• What's right for your child's personality? An acting class could either be a great way to encourage your child to communicate more confidently . . . or it could be upsetting. Only you and your child know what the right answer is to that question.
  • What does your child want? You may have enjoyed hockey but your child may prefer soccer. Ask the question and listen to the answer.
  • What can reasonably be done? You may want to involve your kids in sports, music and community but you could be overwhelming them. And yourself.
  • Is it working? Some kids - and parents - thrive on a high level of activity and a hectic pace. Others find it stressful and overwhelming. It needs to work for both the parent and the child - and ultimately the family.
  • Do we have the time, money and interest? Time isn't the only resource to consider.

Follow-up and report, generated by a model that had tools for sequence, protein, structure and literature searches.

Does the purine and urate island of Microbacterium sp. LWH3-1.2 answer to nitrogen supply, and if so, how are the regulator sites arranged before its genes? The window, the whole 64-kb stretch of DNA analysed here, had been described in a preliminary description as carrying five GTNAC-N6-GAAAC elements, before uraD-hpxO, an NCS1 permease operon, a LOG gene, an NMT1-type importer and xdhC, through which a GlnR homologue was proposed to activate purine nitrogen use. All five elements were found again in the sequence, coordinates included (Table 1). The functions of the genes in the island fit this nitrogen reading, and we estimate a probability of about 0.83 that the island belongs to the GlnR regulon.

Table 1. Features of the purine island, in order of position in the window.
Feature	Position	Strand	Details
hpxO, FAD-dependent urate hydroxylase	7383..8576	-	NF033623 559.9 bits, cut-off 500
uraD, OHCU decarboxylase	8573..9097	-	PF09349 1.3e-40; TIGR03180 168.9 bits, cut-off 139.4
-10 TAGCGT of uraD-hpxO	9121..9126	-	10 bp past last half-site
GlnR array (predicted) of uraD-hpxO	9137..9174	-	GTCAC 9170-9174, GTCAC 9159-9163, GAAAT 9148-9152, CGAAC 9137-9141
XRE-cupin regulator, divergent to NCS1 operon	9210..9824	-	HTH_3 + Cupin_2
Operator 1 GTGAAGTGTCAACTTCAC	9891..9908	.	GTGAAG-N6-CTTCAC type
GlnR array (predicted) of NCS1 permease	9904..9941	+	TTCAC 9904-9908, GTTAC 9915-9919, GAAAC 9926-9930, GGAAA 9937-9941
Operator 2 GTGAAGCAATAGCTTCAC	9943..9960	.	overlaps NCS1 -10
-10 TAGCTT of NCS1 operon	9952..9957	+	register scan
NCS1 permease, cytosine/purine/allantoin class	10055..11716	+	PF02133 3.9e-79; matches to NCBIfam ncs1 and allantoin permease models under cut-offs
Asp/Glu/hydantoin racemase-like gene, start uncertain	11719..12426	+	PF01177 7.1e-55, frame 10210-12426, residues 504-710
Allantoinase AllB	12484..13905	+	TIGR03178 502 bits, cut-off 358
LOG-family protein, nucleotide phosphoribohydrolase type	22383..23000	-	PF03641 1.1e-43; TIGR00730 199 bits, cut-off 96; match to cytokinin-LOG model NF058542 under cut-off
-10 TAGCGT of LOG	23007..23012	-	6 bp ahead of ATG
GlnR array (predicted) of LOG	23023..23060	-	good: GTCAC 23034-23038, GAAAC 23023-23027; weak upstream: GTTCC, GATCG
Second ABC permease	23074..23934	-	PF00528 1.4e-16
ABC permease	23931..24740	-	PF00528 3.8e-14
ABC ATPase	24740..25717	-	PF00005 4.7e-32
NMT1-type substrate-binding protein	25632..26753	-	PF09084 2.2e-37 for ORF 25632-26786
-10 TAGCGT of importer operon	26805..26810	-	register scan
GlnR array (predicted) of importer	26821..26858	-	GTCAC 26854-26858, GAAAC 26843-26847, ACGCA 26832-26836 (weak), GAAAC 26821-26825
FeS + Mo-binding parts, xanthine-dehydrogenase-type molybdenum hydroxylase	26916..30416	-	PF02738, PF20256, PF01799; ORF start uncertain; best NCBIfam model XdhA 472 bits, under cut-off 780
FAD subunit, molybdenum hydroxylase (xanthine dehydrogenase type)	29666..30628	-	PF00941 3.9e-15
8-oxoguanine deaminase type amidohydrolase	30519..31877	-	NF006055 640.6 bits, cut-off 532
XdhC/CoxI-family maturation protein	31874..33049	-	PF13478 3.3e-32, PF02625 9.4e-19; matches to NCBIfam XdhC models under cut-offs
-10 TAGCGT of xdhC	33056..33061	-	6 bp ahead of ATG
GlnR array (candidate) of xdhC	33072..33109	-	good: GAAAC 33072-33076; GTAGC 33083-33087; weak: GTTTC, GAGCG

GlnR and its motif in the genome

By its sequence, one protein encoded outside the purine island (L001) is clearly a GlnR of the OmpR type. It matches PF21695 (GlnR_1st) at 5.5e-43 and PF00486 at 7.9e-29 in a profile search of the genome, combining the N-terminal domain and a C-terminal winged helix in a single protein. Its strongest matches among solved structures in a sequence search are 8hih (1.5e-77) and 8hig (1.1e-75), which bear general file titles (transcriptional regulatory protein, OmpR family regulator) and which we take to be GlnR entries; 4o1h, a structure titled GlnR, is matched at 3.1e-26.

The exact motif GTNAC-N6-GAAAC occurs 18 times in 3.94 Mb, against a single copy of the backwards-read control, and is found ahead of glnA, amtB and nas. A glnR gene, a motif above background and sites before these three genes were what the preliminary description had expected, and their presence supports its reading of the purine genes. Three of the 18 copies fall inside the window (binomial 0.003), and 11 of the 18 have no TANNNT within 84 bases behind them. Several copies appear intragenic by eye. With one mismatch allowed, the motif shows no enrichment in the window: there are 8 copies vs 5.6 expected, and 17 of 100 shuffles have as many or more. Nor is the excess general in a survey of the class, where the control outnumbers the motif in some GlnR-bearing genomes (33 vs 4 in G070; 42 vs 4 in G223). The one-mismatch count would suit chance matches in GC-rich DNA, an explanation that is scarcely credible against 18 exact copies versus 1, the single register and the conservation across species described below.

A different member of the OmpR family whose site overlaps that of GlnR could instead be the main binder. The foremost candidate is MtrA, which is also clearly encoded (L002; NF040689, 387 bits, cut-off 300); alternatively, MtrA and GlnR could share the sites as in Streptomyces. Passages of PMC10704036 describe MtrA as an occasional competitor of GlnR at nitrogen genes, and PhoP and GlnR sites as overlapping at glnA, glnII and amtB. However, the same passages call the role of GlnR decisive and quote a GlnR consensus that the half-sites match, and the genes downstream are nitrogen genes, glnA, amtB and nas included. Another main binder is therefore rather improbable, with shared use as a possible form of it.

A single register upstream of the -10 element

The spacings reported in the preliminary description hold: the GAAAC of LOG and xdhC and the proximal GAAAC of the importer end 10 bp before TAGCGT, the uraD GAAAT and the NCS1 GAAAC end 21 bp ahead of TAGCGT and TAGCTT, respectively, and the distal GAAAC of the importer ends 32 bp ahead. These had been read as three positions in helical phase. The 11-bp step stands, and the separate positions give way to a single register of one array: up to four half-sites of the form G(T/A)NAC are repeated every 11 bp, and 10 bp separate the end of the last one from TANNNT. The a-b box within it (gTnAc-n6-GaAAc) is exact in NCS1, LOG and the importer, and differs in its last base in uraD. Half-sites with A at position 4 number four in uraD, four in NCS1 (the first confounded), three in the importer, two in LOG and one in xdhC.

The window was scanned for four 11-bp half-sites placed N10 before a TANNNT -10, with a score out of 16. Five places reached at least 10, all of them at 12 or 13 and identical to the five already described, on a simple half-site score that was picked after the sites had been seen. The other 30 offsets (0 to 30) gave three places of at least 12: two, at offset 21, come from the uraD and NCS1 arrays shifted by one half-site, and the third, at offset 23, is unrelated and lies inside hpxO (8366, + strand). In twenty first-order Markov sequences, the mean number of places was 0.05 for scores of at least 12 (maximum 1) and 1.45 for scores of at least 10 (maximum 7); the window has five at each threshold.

• Does this fit with our family values?

"Every family is different," says Girard, noting there is no one right answer. "Does the parent have capacity? Parents, take care of your own needs as well. If you're a stressed out parent, how do you take care of your kids when you're running on empty?"

Navigating that first month back

Recognize that first couple of weeks back is going to be a little harried, says Girard. "Schedules are different that first month while everyone adjusts."

How can you manage?

  • Plan ahead. Chop up vegetables, fruits and cheese so you can grab healthy food on the go.
  • Update your family calendar and make sure it's located in a place where everyone can see it. Make sure everyone knows what's going on.
  • Talk to your kids. Make sure they know what their responsibilities are. Tell them Thursday they need to plan to make a sandwich or start supper so you can be out of the house by 6:00 pm.
  • Engage your kids in age appropriate tasks. Have them toss a prepared dish in the oven or make a salad.
  • Schedule as much as you can. When you're introducing a new routine, things may need to be more structured to keep you on track.
  • Work with schools, sports teams and other organizations that make demands of your child, school or family. If it's not reasonable to attend that many practices given all your family has going on, ask if it's possible for your child to attend fewer.